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Sous vide – Let’s first understand what sous-viding is: It is a method of cooking food sealed in airtight plastic bags in a water bath or in a temperature-controlled steam environment for longer than normal cooking times—72 hours in some cases—at an accurately regulated temperature much lower than normally used for cooking, typically around 60 °C for meats and higher for vegetables. Yes, I picked that from Wikipedia. So, much like the Indian dum pukht or the Afghani underground tandoor technique, it is a slow cooking process. Now, explain to me, why the kangaroo, would you try to sous vide meats when you have just 45 minutes to cook an elaborate meat dish with multiple elements? Not once was the sous-viding successful on the show (understandably, given that it is meant for longer cooking time) and every contestant had to pan-sear their meats afterwards, leading to overcooked or undercooked meat.

Lesson for season 7: When you need things evenly cooked and cooked fast, take a leaf out of the Indian mother’s handbook – pressure cook it. If you think you’re too cool for that, try something else.

Meat cooking techniques – That brings me to the next point. Meat was grilled, pan-seared or sous-vided. There was just one effort at trying something offbeat – Colin’s duck neck sausage. And the number of episodes featuring fish filleting (particularly snapper and salmon) was mind numbing. Is there nothing else you can do with proteins? What also confuses me is the stress on prepping proteins. I understand that can be a good challenge to put the contestants through during the first few weeks, but forcing amateurs to fillet and de-bone a snapper when you give them 30 minutes to cook? Facts: A) You’ve tested them. They know how to do it. B) You know it takes bloody long to fillet those effing monsters. Why then (just a thought), can you not have fresh cuts and fillets available in the pantry?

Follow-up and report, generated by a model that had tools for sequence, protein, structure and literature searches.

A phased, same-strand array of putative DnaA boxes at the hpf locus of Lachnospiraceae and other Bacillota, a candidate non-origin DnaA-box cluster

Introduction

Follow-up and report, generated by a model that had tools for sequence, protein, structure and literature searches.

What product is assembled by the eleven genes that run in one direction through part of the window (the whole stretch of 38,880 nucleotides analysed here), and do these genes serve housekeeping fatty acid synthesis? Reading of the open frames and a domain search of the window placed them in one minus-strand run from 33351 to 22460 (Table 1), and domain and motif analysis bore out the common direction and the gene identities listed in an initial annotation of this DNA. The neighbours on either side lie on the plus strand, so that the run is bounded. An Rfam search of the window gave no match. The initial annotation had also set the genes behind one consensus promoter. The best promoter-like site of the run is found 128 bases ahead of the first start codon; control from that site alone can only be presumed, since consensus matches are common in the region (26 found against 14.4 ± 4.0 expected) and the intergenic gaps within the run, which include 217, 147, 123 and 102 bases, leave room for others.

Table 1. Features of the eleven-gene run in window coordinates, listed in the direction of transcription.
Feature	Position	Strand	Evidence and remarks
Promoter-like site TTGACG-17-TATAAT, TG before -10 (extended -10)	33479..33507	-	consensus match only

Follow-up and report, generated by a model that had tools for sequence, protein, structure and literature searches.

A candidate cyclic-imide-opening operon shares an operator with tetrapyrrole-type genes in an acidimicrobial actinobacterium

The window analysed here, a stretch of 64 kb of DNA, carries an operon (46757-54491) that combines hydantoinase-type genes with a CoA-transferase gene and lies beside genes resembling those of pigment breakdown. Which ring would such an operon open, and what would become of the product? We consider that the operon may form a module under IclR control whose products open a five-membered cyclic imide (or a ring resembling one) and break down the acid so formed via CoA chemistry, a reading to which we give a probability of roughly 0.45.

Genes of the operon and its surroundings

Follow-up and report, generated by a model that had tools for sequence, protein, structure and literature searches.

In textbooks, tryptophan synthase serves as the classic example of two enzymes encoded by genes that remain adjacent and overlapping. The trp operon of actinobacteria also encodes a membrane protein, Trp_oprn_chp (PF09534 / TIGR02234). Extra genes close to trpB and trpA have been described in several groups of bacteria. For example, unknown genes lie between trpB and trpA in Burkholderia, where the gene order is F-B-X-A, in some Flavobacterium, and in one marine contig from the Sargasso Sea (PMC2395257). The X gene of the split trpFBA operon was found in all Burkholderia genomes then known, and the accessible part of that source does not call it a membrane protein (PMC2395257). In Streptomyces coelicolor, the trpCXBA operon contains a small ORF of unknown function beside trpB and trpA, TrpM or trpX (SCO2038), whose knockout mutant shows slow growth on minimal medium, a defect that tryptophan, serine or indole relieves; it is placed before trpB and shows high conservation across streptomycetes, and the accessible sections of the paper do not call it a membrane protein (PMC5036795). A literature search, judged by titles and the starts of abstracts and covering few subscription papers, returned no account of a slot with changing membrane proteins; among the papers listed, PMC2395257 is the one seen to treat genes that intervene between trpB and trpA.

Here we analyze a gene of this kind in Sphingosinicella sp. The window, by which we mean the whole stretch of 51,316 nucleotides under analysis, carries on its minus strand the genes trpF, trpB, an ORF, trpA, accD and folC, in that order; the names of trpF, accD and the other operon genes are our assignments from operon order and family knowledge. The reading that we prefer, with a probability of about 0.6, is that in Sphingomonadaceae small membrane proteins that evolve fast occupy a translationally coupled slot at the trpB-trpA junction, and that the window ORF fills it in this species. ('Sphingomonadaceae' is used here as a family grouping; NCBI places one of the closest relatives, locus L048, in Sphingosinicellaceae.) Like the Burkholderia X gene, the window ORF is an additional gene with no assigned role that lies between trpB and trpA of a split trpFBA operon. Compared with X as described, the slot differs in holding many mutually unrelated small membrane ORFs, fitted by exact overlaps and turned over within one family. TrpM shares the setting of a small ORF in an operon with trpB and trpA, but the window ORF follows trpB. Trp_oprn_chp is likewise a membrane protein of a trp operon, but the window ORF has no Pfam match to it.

Lesson for season 7: Prep less, cook more.

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Liquid nitrogen and foam cans – Boys love their toys. Masterchef loves its foam cans and liquid nitrogen. Freezing a gin and tonic into a palate cleanser with liquid nitrogen – Heston, darling, it’s oh-so-fancy but not exactly ‘cooking’, now is it? There was so much of flash freezing this season! Yeah, Jamie enjoyed his heart out (it was fun watching him dragon breathing) but how necessary was it? They have blast chillers, now don’t they? Also, when Amy tried to flash freeze her chocolate lollipops, they didn’t work. Tut-tut.

Lesson for season 7: We don’t find liquid nitrogen in our kitchen cabinets at the drop of our hats. Get the hint.  

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Indian cuisine – Indian flavours have started influencing Aussie cuisine – this season of Masterchef was more than proof of that. While watching contestants rustle up Vikas Khanna’s avant-garde chicken tikka masala was a treat, most of the Indian attempts were major misses. For starters, Khanna made a boo-boo himself. A rice papad with tikka masala? Are you trying to make a dish fancy just for the heck of it? Because you think Indian cuisine is not intricate and complicated enough? You try making shukto like our grandmothers make in your first try, Khanna babu, and we’ll discuss complicated cooking. Or a plate of sorpotel. Or roganjosh. The Indian contestant didn’t help much either. Deepali, a dentist, can’t cook. She made aloo masala, chapattis and dhokla for her Top 24 selection. I will give you a moment to re-read that. And she got through too. Re-read that too. And she made a Gujarati chicken curry. What on earth is that? Was Deepali there in the competition because Australia has realized that Indians are a vast section of their population AND India is lapping up the show for the last 2 seasons? I wonder. More so, all the other Indian attempts by the contestants were vegetarian. A lot of aloo. A whole lot of blah.